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Math Help - Inner Product

  1. #1
    arg
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    Inner Product

    I'd be grateful for any assistance.


    V is a finite dimensional vector space over F (where F is R or C).

    Let V be a real vector space and let T be a linear operator on V. Prove that if V has a basis consisting of eigenvectors for T, then there is an inner product on V for which T is self-adjoint.
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    Quote Originally Posted by arg View Post
    I'd be grateful for any assistance.


    V is a finite dimensional vector space over F (where F is R or C).

    Let V be a real vector space and let T be a linear operator on V. Prove that if V has a basis consisting of eigenvectors for T, then there is an inner product on V for which T is self-adjoint.
    Let \{e_1,\ldots,e_n\} be a basis consisting of eigenvectors for T, and define an inner product by \langle x,y\rangle = \sum x_iy_i, where x = \sum x_ie_i, y = \sum y_ie_i. Note that this will make T selfadjoint (as you can easily check) provided that V be a real vector space. But the result is false over a complex vector space.
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    arg
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    Quote Originally Posted by Opalg View Post
    Let \{e_1,\ldots,e_n\} be a basis consisting of eigenvectors for T, and define an inner product by \langle x,y\rangle = \sum x_iy_i, where x = \sum x_ie_i, y = \sum y_ie_i. Note that this will make T selfadjoint (as you can easily check) provided that V be a real vector space. But the result is false over a complex vector space.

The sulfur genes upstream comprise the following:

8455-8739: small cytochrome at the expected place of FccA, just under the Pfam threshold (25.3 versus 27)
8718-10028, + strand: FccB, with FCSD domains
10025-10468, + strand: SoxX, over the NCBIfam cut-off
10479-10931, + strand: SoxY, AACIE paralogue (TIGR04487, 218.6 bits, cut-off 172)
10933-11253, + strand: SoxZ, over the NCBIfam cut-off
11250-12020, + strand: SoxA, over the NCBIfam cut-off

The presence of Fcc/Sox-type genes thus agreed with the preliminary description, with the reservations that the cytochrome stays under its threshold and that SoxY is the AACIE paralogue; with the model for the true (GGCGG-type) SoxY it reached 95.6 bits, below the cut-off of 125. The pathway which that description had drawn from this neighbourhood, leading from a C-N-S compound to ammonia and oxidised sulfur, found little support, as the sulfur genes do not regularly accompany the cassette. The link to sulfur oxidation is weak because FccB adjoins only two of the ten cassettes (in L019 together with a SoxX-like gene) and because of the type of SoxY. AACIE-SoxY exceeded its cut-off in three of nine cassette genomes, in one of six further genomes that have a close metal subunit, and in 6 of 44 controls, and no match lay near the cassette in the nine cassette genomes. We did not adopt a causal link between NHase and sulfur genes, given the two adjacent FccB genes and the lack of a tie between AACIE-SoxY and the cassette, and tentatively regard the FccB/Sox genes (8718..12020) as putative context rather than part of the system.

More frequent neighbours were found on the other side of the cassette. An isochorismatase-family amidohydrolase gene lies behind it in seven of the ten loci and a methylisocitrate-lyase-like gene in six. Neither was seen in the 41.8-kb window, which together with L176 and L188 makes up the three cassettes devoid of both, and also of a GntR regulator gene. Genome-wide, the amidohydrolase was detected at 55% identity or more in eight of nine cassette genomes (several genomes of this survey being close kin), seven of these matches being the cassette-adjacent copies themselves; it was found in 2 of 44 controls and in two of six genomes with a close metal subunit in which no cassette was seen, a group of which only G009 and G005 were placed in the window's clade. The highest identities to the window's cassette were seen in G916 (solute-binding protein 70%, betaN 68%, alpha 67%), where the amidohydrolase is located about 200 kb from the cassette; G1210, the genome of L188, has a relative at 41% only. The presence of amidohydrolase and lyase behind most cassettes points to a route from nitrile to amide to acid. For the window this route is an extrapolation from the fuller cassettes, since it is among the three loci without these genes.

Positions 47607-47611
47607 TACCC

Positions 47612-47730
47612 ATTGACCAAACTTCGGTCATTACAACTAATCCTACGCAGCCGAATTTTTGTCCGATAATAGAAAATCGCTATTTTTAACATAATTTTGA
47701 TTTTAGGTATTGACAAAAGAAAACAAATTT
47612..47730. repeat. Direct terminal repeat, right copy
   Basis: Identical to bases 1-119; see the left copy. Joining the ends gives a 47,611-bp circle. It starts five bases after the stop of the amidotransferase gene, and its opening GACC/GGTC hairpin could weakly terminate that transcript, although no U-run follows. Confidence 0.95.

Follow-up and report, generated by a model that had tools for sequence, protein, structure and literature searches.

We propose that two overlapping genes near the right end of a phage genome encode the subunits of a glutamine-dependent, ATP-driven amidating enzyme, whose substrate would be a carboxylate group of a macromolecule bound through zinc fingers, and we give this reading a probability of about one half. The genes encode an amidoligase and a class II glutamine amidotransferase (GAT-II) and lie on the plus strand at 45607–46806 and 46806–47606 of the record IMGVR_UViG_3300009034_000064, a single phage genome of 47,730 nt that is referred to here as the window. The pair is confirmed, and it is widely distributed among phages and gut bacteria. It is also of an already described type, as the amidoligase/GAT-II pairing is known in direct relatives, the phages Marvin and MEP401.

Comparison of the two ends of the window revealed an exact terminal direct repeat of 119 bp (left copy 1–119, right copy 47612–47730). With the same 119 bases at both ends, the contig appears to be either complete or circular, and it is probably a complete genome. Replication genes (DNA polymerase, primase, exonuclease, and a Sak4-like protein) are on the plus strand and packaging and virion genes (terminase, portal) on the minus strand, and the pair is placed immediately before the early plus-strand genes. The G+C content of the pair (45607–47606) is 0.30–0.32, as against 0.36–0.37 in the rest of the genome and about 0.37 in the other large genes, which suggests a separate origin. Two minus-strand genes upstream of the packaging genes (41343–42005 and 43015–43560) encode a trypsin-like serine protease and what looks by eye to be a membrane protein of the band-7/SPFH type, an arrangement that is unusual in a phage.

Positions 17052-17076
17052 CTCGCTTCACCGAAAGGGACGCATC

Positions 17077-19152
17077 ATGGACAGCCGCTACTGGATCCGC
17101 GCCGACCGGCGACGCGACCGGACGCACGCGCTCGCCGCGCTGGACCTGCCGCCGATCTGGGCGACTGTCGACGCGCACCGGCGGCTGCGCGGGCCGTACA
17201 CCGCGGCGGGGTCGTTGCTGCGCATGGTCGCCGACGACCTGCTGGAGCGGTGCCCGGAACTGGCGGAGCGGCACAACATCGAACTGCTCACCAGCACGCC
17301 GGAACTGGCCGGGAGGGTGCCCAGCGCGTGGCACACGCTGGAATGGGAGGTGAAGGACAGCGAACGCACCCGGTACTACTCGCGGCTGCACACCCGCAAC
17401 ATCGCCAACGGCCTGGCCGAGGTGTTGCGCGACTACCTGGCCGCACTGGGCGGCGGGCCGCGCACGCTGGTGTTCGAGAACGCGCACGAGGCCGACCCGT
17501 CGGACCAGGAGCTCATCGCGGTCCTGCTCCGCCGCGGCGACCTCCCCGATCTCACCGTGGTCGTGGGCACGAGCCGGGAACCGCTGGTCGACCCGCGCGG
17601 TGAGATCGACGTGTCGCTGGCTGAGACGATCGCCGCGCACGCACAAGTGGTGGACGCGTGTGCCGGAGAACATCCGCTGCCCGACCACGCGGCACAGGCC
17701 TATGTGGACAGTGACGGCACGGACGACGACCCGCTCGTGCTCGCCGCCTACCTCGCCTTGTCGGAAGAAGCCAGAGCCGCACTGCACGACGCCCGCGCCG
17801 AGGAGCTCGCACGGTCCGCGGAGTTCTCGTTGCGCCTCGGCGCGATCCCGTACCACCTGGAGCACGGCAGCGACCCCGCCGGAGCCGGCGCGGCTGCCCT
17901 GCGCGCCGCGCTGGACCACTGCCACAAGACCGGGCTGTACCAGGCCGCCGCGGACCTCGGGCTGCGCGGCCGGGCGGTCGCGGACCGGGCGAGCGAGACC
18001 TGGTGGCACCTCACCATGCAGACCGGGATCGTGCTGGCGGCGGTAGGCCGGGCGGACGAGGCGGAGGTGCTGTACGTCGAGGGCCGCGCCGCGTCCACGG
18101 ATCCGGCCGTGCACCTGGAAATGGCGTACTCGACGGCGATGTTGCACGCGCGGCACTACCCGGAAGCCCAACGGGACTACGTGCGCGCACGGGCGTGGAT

Thank you. However, I can't see how to show that T is self-adjoint.
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    Quote Originally Posted by arg View Post
    Thank you. However, I can't see how to show that T is self-adjoint.
    If \lambda_i is the eigenvalue for the eigenvector e_i, then \langle Te_i,e_i\rangle = \langle e_i,Te_i\rangle = \lambda. If i≠j then \langle Te_i,e_j\rangle = \langle e_,Te_j\rangle = 0. It follows by linearity that \langle Tx,y\rangle = \langle x,Ty\rangle for all x and y.
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    arg
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    Quote Originally Posted by Opalg View Post
    If \lambda_i is the eigenvalue for the eigenvector e_i, then \langle Te_i,e_i\rangle = \langle e_i,Te_i\rangle = \lambda. If i≠j then \langle Te_i,e_j\rangle = \langle e_,Te_j\rangle = 0. It follows by linearity that \langle Tx,y\rangle = \langle x,Ty\rangle for all x and y.

    How do we know that \langle Te_i,e_j\rangle = \langle e_,Te_j\rangle = 0?
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    Quote Originally Posted by arg View Post
    How do we know that \langle Te_i,e_j\rangle = \langle e_,Te_j\rangle = 0?
    Because Te_i=\lambda e_i, and \langle e_i,e_j\rangle=0 by the way in which the inner product was defined.
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  7. #7
    arg
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    Thanks!
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